Audio book as an art form

I have been sitting and staring at a blank page, and toggling back to Twitter, Facebook, and BBC news for the past thirty minutes. Let’s be honest; I have repeated this useless process several times in the last couple of months.

I have been somewhat distracted by… work.

I know I have a lot to write about, but whatever it is, it has yet to make itself clear. And yet, I miss writing. It is a hole, an ache, even.

I am going to use the “write anyway” strategy and see what pops up.

One thing on my mind is the issue of audio books and whether they ‘count’ for the independent reading portion of our courses.

I was thinking about it the other day when I ran into a blog, Caution: Use as Directed, a blog by Jane Kise about  the reading of, rather than the viewing of, Shakespeare.

as intended

It got me thinking about the audiobook as an art form, and the telling of story as an oral language activity in its own right. Of course, I have always read to my high school classes, and I am a good reader, so my son tells me. He’s pretty good himself.

I also use audio books for anchor texts in my classroom. One the favourites at our school in Grade 9 is Sherman Alexie’s The Absolutely True Diary of a Part-Time Indian. Alexie reads it himself, brilliantly, and we all read along because of the funny and brutally honest comics that are scattered through the book. Another author who also reads some of his books is Neil Gaimon, and I have used all or parts of Odd and the Frost Giants and The Graveyard Book.

Audio books are so gorgeous these days. They are sometimes acted (read?) by an ensemble cast, as in Lian Hearn’s Tales of the Otori series where the male role is read by Kevin Gray and the female role is read by Aiko Nakasone. Sometimes, the voices of many characters are acted by a single narrator, as in Cornelia Funke’s Dragon Rider read brilliantly by Brendan Fraser.

But. When we get to our desire to have students read independently, do we ‘count’ audio books? My book-lover, story-lover self says, A book, no matter whether the student reads it her or himself, is still a story that got told, a story  that got heard. The reading teacher in me says, They have to read. They have to read. How else will they learn to read? 

Where are you on this one? What are your favourite audio books for high school?

Now, I better go make breakfast. And, truth-be-told, get on with my semester-end assessments that are waiting and the real reason for this Sunday morning procrastination!


Tackling Darcy’s list, number 4

A colleague sent me the link to this blog by Darcy Moore. A quick read through, and I feel pretty good about the list. However, I think I will tackle them one at a time, in no particular order. After all, I am trying to blog every day and I am always looking for things to think and write about.

Here’s what Darcy wrote:

I have never had a parent ask me any of the questions listed below, except, perhaps, the one about ‘happiness’ in a number of guises. I wish someone would.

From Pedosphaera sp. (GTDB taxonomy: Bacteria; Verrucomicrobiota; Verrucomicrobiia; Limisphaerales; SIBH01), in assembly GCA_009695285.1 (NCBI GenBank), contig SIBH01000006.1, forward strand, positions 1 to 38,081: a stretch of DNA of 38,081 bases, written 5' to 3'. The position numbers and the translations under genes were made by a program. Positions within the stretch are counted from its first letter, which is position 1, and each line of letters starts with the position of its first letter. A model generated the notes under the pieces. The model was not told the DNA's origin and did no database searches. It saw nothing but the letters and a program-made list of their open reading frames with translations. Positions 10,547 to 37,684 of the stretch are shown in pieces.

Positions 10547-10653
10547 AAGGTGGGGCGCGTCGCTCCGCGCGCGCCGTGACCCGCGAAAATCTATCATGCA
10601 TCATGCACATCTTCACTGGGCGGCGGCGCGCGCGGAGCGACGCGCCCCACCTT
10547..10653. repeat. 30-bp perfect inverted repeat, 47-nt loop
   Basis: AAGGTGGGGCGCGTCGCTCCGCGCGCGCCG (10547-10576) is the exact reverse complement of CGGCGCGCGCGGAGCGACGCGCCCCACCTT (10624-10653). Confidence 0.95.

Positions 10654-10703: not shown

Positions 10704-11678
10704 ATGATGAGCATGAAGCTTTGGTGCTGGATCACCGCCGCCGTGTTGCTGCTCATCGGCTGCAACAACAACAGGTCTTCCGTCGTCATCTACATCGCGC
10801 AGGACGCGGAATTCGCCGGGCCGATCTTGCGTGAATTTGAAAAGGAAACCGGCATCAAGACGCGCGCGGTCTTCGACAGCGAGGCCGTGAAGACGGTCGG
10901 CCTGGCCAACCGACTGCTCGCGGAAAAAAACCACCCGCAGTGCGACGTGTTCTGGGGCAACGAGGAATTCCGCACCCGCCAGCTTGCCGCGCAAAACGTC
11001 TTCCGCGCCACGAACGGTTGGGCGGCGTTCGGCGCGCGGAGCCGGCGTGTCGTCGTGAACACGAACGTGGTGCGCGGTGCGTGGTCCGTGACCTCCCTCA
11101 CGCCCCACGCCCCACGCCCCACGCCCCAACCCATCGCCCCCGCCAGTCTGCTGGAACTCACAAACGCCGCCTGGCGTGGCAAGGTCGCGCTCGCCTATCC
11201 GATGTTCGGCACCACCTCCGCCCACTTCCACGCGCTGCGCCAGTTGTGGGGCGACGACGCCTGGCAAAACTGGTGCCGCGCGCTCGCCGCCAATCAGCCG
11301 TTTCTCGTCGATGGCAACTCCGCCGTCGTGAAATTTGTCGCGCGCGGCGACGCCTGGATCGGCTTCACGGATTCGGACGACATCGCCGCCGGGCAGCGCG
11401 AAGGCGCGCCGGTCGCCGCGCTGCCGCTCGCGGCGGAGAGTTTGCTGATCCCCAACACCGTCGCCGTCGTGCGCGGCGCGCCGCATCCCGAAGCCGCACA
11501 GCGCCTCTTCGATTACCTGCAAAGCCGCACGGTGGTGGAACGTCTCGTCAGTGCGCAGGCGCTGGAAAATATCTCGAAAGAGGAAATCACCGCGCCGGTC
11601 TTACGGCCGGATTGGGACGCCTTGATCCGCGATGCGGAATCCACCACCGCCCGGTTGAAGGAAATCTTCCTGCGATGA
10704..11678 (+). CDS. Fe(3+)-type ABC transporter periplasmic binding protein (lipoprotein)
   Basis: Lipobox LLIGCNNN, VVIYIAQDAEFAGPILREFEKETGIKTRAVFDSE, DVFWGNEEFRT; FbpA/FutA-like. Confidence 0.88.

How would your child’s teachers fare if asked these questions:

1. What is your educational philosophy?

2. How are you assisting our child to become a self-directed learner?

3. What professional reading are you undertaking at the moment?

4. What are you reading for fun?

5. How do you use technology as a tool to leverage learning in the classroom?

6. What online resources have you created for your class?

7. How do you assist students to learn about digital citizenship?

8. What professional networks and associations are you involved with regularly?

9. What observations can you offer about our child’s happiness at school?

10. What reflections can you make about our child’s growth as a learner and citizen this year?

I am really tired tonight, so I am going to take the easy one first. (I’ll regret this, since I am sure I will have days when I am more tired.)

4. What are you reading for fun?

Not much gets read for fun during the school year. I consider fun in this context to mean content I am reading even though it is NOT connected to the curriculum I am teaching. Because I teach Social Studies and English, I am always looking for texts to support essential questions and units.

I have to say, though, that I have lots of fun reading anyway. Lately, I read Twitter, and all the links it brings me to. I guess that answers parts of numbers 8 and 4 as well, because I follow educators on Twitter and get to read their blogs, their ideas, their conversations, their links to news stories. I visit Twitter the way I used to visit Facebook. Several times a day.

When I do read, I listen. I have a membership to Audible books. That way, I can do laundry, do the dishes, make dinner, walk the dog. Free, lay on the couch, stuff my nose in a book time is hard to come by. I cracked open an actual, real novel that someone had left in the staff room yesterday while I was waiting for my family to come and meet me for dinner. I had a blast of…NOSTALGIA! Sheesh, this has gone on too long. I set a goal to read a real book, and not let the internet drag me away.

Recently, I listened to all of Lian Hearn’s Tales of the Otori series, because I am teaching the Middle Ages. They were good, especially in audio. Always in search of YA literature, I read The Curious Incident of the Dog in the Night and Will Grayson, Will Grayson. I recommend both.

I started but stalled on The Dovekeepers. That one was just for me. I need to get back to it.

Really, there is no way to separate what I read for fun and what I read for school. I do have to say that Twitter has become less -fun- with all the nonsense that is going on. It will pass. I have faith. I may be wrong.

Of course, I could be reading during the commercials instead of blogging, but hey.